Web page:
One would guess it's the latter that inspires the loyalty of the fans and brings the audience in droves. In these hedonistic times of the overnight Shooting (Up) Star, where you can't guarantee that wasted talents like Amy Winehouse will make it to the toilet, let alone actually make it onto a stage to perform, it's comforting to know that Neil, Geddy and Alex will always be there with their baffling lyrics, complex time signatures and, of course, solos.
Rush are the product of a bygone era when a group's importance lay in their album-selling potential and bands were given time to grow and develop. The days of acts like Led Zeppelin, Yes, Black Sabbath and Rush are well and truly over.
"You can say what you want about major record companies," says Lifeson, "but the fact is, if we didn't sign to one that wasn't committed to five records then we would have never had the opportunity to develop and grow. The deal with us was 'Let the band learn their stuff in the first two or three albums and then on record four or five they're going to hit it and everybody's going to be happy'. That doesn't happen anymore - everything's on speculation."
"The era of the big record companies is definitely over and it's a kind of free-for-all," Geddy agrees. "This is a good and bad thing for a young band. It's harder now to get a big financial push behind you, but it's easier to do your individual thing like signing with an indie label or getting on the internet. We're living in interesting times," he laughs. Interesting times, indeed. Do the band find this new technical revolution an exciting or scary proposition?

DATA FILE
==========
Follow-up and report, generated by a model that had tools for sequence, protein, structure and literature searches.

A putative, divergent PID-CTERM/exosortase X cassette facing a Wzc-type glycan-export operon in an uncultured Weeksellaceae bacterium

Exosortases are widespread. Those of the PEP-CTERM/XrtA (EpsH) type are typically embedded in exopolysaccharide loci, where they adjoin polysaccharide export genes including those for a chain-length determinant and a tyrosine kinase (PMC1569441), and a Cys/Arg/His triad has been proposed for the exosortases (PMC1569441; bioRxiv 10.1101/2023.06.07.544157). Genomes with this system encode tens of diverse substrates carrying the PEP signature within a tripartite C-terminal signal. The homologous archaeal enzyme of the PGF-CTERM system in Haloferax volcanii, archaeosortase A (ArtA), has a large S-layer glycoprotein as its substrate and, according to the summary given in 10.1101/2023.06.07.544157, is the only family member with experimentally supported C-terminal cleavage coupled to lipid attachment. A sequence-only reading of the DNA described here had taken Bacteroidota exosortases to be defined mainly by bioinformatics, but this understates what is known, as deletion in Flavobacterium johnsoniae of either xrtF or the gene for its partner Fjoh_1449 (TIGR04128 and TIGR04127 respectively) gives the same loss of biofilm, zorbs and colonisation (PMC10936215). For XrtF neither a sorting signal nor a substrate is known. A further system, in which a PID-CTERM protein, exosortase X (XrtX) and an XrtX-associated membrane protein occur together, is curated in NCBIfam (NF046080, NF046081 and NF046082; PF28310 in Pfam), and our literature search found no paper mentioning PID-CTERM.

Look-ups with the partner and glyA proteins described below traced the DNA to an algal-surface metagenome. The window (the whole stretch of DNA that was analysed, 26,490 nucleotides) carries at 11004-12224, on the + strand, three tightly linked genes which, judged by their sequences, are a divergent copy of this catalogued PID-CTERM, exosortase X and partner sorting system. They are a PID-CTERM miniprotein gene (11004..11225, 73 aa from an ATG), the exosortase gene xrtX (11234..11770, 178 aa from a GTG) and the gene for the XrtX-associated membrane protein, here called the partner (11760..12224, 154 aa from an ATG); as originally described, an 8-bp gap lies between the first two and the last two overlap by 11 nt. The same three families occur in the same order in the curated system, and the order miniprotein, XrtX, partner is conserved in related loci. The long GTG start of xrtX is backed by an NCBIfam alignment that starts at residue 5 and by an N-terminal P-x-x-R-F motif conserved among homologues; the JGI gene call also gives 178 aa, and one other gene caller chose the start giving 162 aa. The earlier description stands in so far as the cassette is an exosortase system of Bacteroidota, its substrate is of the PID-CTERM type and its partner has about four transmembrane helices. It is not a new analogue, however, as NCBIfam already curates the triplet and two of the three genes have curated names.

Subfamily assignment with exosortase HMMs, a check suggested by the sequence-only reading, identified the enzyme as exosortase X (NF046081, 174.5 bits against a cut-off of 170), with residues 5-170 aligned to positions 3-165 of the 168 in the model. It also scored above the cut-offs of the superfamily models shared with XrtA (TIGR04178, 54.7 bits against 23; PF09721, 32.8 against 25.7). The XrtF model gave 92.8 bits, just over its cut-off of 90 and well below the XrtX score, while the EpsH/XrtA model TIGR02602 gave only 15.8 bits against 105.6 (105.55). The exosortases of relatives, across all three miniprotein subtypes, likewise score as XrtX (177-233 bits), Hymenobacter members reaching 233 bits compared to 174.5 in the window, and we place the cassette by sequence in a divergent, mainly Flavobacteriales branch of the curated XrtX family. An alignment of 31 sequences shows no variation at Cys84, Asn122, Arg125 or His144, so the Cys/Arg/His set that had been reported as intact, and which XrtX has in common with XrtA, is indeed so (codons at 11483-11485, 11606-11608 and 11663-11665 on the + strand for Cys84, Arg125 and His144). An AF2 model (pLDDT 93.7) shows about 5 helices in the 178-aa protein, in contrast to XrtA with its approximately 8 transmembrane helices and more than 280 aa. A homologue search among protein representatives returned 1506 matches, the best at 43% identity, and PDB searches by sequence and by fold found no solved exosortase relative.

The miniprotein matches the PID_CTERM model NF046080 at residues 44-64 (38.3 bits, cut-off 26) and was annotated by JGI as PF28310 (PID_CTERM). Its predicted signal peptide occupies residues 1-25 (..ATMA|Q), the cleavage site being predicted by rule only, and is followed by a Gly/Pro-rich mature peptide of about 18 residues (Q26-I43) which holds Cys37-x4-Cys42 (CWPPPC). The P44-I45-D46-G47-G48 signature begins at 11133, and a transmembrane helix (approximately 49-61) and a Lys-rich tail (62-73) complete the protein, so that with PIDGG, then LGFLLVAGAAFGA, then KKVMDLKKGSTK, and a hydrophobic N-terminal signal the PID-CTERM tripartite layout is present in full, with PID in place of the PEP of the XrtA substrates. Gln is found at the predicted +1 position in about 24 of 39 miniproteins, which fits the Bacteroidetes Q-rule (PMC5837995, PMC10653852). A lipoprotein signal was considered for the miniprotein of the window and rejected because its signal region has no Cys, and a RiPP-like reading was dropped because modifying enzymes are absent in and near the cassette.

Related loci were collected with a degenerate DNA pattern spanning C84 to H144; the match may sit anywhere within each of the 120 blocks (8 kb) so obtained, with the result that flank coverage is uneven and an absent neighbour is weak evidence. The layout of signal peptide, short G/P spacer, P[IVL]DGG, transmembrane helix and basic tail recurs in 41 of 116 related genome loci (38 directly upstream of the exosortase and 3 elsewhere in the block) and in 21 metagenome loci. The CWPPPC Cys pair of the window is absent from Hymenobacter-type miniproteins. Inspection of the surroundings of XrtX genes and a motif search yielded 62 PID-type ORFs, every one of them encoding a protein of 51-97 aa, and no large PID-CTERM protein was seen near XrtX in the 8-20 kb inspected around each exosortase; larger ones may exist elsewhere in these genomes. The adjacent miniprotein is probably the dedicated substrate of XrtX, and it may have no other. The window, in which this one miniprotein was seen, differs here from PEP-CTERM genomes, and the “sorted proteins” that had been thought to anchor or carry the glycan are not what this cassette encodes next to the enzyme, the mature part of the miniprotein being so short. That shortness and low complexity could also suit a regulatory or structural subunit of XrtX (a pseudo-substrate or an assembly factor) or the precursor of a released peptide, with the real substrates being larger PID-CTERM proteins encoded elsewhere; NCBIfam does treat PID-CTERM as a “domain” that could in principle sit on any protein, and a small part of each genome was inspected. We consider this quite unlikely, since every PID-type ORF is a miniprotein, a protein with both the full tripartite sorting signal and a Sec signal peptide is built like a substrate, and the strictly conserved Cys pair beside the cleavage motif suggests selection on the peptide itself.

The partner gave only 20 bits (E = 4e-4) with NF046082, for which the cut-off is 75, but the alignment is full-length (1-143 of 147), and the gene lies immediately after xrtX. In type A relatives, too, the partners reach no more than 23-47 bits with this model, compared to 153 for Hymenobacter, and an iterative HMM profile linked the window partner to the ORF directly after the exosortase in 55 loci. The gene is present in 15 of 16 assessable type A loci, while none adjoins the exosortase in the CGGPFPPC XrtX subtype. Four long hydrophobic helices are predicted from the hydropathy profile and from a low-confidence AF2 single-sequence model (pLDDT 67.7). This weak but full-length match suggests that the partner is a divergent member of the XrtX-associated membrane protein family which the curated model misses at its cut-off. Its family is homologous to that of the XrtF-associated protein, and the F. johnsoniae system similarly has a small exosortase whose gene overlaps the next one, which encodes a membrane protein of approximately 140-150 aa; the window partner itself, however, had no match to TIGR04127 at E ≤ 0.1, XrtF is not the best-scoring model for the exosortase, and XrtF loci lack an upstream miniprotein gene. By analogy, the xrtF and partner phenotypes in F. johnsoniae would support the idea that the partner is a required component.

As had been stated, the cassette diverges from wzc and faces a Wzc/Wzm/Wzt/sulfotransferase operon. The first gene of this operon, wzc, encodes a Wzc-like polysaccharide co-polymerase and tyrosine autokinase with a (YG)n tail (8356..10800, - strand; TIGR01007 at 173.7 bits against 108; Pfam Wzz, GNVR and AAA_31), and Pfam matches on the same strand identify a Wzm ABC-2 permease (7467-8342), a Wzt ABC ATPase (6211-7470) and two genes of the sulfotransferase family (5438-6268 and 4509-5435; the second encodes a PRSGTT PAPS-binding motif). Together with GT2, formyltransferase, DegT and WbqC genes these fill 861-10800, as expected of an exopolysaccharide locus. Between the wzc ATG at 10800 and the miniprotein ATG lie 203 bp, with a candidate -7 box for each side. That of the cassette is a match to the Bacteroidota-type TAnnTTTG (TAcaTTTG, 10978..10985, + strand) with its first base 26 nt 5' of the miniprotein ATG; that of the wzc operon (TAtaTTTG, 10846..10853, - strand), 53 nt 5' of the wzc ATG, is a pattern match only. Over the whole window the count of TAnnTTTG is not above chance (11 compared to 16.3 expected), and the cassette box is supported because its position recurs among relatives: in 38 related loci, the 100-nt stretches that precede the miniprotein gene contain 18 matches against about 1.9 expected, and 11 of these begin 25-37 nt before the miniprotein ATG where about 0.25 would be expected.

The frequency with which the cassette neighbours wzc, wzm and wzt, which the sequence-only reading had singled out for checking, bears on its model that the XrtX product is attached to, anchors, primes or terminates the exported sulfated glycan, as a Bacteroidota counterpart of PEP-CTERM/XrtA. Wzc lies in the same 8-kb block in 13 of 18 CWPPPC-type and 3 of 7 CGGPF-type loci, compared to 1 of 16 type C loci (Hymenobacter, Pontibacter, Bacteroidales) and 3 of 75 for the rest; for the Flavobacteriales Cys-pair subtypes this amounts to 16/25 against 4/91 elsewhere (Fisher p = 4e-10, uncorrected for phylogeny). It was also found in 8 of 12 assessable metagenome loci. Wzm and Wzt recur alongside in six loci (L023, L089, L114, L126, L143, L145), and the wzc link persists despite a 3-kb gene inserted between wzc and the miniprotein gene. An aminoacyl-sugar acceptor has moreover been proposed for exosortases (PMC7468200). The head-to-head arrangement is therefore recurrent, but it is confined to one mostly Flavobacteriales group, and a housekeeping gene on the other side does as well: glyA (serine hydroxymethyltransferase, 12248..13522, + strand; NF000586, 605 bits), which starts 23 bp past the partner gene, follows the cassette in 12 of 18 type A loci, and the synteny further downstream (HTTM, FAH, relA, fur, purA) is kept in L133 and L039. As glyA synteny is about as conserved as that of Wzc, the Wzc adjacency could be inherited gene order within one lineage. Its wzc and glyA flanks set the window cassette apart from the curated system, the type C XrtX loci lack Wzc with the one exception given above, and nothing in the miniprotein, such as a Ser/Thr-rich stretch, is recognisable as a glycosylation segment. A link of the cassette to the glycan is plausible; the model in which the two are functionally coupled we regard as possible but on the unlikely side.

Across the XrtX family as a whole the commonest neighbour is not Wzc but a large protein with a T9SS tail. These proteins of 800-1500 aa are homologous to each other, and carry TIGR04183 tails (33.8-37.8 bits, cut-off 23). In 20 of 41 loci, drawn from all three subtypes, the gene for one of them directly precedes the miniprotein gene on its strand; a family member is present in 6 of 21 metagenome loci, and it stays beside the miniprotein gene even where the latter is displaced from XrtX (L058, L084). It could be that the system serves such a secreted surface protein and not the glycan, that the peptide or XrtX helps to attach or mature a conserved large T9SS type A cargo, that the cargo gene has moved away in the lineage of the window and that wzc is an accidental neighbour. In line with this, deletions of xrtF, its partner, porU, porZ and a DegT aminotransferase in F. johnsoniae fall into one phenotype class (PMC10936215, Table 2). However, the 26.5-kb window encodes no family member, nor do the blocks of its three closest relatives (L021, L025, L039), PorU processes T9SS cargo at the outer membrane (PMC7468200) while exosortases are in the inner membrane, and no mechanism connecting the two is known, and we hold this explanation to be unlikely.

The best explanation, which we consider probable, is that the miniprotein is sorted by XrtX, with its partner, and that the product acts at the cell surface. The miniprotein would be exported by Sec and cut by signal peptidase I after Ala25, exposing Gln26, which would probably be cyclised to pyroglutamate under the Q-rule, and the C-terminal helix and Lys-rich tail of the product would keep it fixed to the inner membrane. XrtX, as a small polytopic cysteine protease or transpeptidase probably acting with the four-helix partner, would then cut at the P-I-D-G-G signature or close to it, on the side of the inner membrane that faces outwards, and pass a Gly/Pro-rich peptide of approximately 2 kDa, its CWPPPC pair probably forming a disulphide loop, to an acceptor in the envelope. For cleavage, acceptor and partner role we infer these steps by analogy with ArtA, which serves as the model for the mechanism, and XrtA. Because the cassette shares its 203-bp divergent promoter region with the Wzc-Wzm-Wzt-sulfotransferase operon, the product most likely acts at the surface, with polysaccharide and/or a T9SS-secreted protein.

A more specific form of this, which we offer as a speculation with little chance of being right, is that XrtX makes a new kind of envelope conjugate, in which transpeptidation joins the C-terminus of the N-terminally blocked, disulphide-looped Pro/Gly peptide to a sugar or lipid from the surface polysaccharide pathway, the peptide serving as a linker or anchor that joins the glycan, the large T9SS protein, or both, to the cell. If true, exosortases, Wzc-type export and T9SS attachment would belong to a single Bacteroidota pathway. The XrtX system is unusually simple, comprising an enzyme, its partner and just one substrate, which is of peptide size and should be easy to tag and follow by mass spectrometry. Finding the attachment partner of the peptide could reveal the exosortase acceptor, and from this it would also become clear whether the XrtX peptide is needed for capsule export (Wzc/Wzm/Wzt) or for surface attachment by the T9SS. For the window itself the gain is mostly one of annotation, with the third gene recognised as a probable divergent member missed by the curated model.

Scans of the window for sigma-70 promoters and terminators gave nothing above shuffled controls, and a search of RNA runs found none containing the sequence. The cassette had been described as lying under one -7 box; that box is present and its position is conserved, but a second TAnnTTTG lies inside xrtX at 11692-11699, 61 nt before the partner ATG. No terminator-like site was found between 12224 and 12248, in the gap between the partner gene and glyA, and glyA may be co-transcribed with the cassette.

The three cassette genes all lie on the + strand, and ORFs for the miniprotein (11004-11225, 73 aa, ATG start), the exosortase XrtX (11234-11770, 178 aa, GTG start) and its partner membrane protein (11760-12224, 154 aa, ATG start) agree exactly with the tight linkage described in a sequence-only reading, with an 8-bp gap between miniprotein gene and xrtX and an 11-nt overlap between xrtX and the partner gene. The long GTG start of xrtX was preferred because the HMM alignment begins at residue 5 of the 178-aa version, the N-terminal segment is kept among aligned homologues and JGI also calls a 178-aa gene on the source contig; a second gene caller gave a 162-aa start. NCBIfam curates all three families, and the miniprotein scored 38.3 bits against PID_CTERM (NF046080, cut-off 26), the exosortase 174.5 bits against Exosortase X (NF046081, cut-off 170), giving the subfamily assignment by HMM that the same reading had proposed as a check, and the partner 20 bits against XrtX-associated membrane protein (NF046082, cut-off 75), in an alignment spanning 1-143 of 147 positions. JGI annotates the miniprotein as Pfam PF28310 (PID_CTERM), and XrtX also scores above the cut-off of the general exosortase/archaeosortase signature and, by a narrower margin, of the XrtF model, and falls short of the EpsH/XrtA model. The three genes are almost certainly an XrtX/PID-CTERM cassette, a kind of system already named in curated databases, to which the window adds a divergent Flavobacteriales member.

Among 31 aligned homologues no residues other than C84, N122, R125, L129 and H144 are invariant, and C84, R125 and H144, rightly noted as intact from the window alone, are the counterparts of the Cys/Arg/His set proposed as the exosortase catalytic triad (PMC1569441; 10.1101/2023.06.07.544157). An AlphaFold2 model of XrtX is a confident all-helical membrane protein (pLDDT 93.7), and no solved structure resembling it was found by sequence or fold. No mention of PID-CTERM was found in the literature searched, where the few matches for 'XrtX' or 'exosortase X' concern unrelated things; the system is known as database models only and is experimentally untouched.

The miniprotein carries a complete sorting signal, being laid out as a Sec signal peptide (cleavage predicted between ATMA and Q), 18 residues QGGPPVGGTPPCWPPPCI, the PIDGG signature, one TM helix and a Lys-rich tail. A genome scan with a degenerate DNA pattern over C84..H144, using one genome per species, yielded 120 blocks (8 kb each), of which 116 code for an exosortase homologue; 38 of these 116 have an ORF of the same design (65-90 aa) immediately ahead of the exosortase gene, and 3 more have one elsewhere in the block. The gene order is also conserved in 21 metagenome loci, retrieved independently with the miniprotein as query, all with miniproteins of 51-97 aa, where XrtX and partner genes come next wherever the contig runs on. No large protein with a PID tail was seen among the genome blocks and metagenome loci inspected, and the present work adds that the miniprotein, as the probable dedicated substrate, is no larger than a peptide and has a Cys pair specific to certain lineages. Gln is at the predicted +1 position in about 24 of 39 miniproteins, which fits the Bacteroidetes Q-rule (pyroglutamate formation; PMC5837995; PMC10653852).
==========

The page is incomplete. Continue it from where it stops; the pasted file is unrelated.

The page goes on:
"It doesn't scare me," is Geddy's firm response. "A lot of bands were nervous of the downloading thing when it first came, but now it's played itself out. A band like us has nothing to fear from that because we have an audience. What I worry about is young bands and will they be able to get out of their internet world and move beyond that? That's down to quality: if they're good then they'll probably have a shot."
In a bid to adapt and improve with modem times, in recent years Rush have released a prolific number of live albums and have been criticised for doing by their most stalwart supporters. Back in the 80s the band expressed their discomfort with the whole concept of live albums. (Geddy was quite vocal about it: "Doing a live album is a really boring experience. Live albums are sort of historical; they're painful to do because there's nothing really creative about them ... ")